Jewish World Review Oct. 8, 2001/ 21 Tishrei 5762
Singles yearn to be with someone besides the cat. Flirtations are more intense. Everyone shares a common bond. Emotions rise to the surface more quickly, establishing rapport that feels sincere whether it actually is or not.
Dating couples who were ambivalent about each other feel a greater urgency to make the leap toward marriage (or at least toward living together). Waiting no longer seems like such a good idea. Married men and women draw closer together, counting their blessings, aware of their good fortune at being alive and together, counting friends who have lost someone close. Arguments seem trivial when measured against death and loss. Why not kiss and make up?
Of course, all this could, and probably will, change in the long run, but Tomorrow no longer feels as open-ended, secure or inevitable as it once did. Not only is there a tinge of "there but for the grace of G-d, go I,'' but terror could strike again. Patience comes with a higher price tag.
Similar emotions lend urgency to the call for action. Al Gore echoes George Bush's call for "justice not revenge.'' It's an appealing phrase, but it's mere euphemism. What most of us want is revenge, the natural motivation for justice.
The urge for revenge was certainly at play in 1941, when we "remembered Pearl Harbor'' and revenge is at play today in the wake of the attacks on the World Trade Center and the Pentagon. Revenge is the personal, driving public purpose. That doesn't mean we pick 6,000 innocents to kill as retribution for the 6,000 killed, but it does mean that we want the punishment to fit the crime, including punishment to fit the crime of harboring terrorists who make terror possible.
"Laws are designed not to weed out the impulse toward revenge but to contain it in a manner consistent with the maintenance of an orderly and humane society,'' writes Susan Jacoby in "Wild Justice,'' a book that examines these distinctions. We give up private retaliation for public accountability, and therein lies the delicate balance.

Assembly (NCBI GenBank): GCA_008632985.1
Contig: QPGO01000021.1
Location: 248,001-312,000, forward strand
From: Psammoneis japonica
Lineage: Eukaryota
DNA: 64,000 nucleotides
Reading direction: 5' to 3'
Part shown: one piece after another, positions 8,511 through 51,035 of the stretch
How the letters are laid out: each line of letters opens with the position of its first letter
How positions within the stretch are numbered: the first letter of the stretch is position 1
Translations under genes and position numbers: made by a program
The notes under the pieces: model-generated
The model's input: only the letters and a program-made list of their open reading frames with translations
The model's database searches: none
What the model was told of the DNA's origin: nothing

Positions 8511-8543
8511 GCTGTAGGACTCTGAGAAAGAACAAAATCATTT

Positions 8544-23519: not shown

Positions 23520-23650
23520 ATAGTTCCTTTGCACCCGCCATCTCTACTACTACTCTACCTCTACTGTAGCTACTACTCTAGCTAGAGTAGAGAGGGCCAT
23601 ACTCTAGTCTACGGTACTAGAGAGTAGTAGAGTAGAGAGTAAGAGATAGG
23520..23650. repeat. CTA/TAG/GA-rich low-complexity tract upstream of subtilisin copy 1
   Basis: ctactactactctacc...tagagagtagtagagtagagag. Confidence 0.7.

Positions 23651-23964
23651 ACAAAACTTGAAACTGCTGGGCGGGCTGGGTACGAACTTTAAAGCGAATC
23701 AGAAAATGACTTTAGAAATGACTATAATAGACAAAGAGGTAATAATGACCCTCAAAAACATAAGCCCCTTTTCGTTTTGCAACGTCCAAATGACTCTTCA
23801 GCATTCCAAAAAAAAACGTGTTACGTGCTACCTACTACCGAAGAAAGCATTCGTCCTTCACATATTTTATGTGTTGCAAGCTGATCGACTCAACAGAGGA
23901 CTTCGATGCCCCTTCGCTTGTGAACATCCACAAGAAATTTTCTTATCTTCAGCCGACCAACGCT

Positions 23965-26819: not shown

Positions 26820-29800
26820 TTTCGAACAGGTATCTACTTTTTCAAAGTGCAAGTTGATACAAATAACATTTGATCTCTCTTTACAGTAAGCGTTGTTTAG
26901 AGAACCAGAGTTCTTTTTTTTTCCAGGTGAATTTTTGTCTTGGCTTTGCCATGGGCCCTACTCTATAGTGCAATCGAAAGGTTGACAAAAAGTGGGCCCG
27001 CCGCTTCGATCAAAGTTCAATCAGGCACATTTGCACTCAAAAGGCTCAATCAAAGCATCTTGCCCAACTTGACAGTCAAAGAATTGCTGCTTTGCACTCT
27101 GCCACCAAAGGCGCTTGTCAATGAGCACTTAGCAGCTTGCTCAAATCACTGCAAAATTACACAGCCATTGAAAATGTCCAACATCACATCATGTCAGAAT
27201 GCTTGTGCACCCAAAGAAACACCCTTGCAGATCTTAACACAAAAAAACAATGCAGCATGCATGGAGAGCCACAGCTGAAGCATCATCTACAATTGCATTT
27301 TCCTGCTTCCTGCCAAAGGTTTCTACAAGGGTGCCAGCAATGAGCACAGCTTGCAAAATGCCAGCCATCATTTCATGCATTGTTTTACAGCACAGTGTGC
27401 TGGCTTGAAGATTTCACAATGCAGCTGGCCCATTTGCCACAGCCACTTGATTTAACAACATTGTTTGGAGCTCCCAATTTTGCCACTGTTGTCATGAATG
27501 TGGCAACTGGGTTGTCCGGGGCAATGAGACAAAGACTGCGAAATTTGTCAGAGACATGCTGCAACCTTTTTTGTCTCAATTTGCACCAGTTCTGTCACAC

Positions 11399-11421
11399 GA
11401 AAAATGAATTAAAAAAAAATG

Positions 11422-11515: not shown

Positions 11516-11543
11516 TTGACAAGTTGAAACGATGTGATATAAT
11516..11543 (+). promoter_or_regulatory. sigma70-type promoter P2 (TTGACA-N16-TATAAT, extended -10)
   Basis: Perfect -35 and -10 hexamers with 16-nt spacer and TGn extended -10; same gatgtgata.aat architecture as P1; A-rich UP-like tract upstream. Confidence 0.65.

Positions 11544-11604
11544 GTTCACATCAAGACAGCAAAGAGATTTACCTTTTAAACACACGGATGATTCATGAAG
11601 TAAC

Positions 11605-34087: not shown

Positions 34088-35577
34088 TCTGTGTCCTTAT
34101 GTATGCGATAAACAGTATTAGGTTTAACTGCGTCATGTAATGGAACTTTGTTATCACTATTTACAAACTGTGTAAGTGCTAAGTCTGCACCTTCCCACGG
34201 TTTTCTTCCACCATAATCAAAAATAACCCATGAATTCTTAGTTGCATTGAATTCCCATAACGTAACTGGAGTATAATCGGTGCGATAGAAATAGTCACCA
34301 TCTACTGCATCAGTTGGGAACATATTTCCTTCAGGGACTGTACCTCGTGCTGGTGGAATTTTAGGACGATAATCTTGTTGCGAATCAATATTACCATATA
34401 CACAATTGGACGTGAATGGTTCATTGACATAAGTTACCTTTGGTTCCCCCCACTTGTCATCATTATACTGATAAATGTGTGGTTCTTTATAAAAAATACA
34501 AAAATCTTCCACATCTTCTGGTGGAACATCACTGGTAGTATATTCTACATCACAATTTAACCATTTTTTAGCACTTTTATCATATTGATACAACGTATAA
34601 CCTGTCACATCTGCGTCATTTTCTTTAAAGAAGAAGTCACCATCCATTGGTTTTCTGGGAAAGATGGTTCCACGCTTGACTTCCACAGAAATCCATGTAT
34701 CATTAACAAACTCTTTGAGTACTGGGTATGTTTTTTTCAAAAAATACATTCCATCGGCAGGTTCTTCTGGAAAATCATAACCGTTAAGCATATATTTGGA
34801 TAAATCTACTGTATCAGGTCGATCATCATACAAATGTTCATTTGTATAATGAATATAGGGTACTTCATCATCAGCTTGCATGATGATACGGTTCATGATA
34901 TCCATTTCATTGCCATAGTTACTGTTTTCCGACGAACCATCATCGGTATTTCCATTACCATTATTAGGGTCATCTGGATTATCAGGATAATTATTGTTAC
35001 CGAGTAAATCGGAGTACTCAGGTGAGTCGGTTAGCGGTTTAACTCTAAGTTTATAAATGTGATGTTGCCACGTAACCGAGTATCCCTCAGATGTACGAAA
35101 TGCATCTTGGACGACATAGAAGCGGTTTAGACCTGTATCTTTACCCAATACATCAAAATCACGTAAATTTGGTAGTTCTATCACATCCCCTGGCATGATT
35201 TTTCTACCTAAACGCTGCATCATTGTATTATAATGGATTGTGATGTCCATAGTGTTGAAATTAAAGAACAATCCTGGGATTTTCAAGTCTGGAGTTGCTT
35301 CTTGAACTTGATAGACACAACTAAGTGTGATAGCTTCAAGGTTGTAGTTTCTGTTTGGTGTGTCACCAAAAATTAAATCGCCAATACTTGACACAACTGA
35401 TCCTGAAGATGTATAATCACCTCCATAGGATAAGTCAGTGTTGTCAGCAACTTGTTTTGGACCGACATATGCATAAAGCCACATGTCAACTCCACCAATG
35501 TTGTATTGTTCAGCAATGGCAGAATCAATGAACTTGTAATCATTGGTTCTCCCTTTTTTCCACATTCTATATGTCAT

The public must have the confidence that there are sufficient and powerful figures among us to act on behalf of the victims. The longer it takes to retaliate, the more that confidence is undermined. Franklin D. Roosevelt dispatched Jimmy Doolittle's B-25s from the deck of USS Hornet to bomb Tokyo in April 1942, just four months after Pearl Harbor, not to inflict damage -- they didn't inflict much -- but because the American public wanted revenge.
Call it justice if you like, but armies are collective avengers. The guilty must pay so that they cannot act again; they must be punished in a manner that fits the crime and as a warning to others not to do the same crime. Such revenge gives the collective psychology a needed boost.
The waiting period between crime and punishment is difficult on the families who have been wounded by the crime. The acts of terrorism are multiple crimes, inflicting a wound on the entire nation. Gathering intelligence to specifically identify guilty parties is similar to gathering evidence for a court trial, frustrating and time-consuming.
So a craving for love and closeness as well as calls for war and revenge are fused in both a personal and a public psyche. Stories of romance and poetry appeal to strength and weakness, joy and sadness in differing moral proportion and emotional vulnerability.
W.H. Auden's "September 1, 1939,'' written when Auden was in New York City as Hitler's blitzkrieg swept into Poland, speaks of his longing for love: "As the unmentionable odor of death/ Offends the September night.'' Once upon a time, school children read Matthew Arnold's "Dover Beach,'' his melancholy meditation upon the ways "ignorant armies clash by night.'' He appeals to his companion: "Ah, love, let us be true/ To one another!''
It's the delicate balance between the yearning for romance and the urge for revenge, which lead
inevitably, for better and for worse, to love and